Toys For Bob's pivot to Warzone support studio didn't result in layoffs, Activision confirm

Best PPSh-41 Warzone loadout
(Image credit: Activision)

Update: A spokesperson for Activision has refuted allegations that Toys For Bob's pivot towards supporting Call Of Duty: Warzone had resulted in mass layoffs, as suggested by one former employee.

"Reports of layoffs at Toys For Bob are incorrect," the spokesperson told PC Gamer via email. "There has not been a reduction in personnel recently at the studio.  The development team is operating fully and has a number of full-time job openings at this time.  The studio is excited to continue supporting Crash Bandicoot 4: It’s About Time, and more recently provide additional development support to Call of Duty: Warzone.”

Original story: Toys For Bob, the developer behind Activision's recent remakes of Spyro and Crash Bandicoot and brand new platformer Crash 4, has been enlisted to keep the Call of Duty: Warzone war machine running.

The 3D platformer veteran broke the news on Instagram and Twitter this week, announcing that it will now be working on supporting Season 3 of Activision's battle royale. This marks the second time this year the publisher has turned a throwback studio into a support house, having previously repositioned Tony Hawk's Pro Skater 1+2 developer Vicarious Visions into a full-time Blizzard support studio.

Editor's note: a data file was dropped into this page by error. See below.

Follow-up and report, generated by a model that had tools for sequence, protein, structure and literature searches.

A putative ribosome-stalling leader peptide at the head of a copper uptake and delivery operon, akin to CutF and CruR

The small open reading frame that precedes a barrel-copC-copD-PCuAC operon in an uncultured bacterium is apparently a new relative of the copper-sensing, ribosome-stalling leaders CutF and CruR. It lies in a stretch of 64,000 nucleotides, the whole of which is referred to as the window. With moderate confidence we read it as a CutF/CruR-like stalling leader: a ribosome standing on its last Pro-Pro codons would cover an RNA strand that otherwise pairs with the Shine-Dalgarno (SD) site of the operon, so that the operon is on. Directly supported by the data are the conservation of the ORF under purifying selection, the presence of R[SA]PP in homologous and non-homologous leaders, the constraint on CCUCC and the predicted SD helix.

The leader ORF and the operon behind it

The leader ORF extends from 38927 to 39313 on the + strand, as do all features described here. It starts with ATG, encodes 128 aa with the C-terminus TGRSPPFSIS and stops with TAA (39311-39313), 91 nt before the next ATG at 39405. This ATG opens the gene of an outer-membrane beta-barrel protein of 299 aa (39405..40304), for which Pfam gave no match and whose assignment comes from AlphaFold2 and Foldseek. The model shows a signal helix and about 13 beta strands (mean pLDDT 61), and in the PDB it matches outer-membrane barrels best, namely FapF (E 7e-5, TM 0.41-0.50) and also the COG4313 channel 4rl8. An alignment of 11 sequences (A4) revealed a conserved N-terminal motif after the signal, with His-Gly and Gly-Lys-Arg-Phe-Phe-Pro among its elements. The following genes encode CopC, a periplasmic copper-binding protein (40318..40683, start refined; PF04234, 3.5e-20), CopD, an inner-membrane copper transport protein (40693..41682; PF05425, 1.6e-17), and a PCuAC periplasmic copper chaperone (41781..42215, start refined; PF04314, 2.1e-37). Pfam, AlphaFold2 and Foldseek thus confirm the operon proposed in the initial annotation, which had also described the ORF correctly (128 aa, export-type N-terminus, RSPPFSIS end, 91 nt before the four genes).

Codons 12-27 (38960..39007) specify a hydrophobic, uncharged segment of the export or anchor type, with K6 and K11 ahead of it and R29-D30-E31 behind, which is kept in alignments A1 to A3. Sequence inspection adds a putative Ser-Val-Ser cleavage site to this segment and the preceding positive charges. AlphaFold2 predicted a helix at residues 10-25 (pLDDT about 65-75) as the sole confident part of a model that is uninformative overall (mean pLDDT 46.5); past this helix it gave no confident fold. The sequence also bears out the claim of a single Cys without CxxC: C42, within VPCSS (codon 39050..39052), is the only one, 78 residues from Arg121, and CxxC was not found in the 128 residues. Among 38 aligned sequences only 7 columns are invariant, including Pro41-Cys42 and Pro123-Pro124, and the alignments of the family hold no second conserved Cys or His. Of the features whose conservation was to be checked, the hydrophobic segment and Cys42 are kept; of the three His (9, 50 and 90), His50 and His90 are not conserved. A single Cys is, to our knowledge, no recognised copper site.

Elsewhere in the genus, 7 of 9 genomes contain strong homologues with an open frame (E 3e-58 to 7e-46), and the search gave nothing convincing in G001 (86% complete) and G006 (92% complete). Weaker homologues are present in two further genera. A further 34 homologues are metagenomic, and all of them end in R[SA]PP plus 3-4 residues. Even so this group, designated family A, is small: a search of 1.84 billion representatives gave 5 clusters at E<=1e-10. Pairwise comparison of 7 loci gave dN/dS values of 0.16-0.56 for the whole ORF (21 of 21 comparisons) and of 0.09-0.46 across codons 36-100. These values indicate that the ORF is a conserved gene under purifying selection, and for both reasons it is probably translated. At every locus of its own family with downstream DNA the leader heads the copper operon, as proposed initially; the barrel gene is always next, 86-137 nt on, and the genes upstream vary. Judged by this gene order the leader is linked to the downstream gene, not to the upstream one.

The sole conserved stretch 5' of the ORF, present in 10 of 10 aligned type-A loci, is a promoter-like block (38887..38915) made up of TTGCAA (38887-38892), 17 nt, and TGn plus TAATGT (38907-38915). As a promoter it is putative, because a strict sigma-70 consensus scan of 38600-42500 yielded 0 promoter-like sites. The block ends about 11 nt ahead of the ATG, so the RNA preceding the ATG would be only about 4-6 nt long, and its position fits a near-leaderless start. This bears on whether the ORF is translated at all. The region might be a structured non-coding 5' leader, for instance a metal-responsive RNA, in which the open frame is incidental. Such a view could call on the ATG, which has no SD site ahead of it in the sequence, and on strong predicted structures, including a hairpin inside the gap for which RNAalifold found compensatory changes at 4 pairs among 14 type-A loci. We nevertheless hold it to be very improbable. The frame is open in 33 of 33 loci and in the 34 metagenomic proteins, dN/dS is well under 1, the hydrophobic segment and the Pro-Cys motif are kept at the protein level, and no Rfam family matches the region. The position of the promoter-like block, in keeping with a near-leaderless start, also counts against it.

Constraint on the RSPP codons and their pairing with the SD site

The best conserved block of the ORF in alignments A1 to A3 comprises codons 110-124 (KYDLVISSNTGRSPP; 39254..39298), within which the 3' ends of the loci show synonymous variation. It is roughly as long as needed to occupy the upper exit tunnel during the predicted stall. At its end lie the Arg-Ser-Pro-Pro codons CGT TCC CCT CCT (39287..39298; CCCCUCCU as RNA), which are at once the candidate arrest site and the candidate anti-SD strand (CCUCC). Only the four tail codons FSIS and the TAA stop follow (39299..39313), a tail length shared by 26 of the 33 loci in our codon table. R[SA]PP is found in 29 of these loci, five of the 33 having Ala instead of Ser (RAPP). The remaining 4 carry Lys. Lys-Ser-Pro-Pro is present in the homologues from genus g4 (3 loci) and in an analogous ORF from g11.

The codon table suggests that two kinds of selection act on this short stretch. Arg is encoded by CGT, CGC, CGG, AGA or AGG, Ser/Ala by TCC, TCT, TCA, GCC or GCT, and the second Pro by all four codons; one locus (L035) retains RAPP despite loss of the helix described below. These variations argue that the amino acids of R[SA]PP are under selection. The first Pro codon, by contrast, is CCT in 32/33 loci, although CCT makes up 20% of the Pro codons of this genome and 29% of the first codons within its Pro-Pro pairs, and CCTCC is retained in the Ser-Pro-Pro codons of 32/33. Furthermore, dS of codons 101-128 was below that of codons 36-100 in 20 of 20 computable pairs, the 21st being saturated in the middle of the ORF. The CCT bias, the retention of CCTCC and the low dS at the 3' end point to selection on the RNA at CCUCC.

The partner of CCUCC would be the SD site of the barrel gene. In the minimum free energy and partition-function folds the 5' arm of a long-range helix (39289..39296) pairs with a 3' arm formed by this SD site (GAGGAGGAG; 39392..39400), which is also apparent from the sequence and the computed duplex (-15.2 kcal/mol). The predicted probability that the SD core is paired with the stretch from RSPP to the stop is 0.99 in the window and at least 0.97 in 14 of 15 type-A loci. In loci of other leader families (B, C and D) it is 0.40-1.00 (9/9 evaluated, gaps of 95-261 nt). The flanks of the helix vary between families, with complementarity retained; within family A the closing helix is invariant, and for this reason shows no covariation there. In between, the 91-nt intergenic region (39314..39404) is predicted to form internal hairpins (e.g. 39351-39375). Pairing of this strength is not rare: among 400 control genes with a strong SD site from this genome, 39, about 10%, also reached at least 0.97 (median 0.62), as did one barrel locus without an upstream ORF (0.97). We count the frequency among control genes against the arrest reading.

The post doesn't clarify whether TFB has similarly been moved away from its own projects entirely. But that does appear to be the case according to former character artist Nicholas Cole who, when asked whether TFB was "only doing Call of Duty games now", responded with a simple "yep". Cole also suggested that there were layoffs in the transition to Warzone development, although Activision said that's not the case.

Activision has since clarified that no such layoffs took place, that the studio is "operating fully" and actively hiring for continued support on Crash 4 and Call of Duty: Warzone.

Toys For Bob's work on throwback platformers was critically acclaimed, and the Crash Bandicoot N. Sane Trilogy sold over 10 million copies as of Activision's 2019 end-of-year results. But that's chump change compared to Warzone, which recently passed over 100 million players. It makes sense that Activision would want to put more staff into its cash cow to help reduce the game's glitches and fend off a cheating epidemic.

But like Vicarious Visions before it, it's a little sad to see Activision back away from its tremendous remastering efforts. Toys For Bob proved it could make good platforms, VV doing the same for arcade skateboarding games. It's a shame that neither will be given the space to push that talent further.

Natalie Clayton
Features Producer

20 years ago, Nat played Jet Set Radio Future for the first time, and she's not stopped thinking about games since. Joining PC Gamer in 2020, she comes from three years of freelance reporting at Rock Paper Shotgun, Waypoint, VG247 and more. Embedded in the European indie scene and a part-time game developer herself, Nat is always looking for a new curiosity to scream about—whether it's the next best indie darling, or simply someone modding a Scotmid into Black Mesa. She also unofficially appears in Apex Legends under the pseudonym Horizon.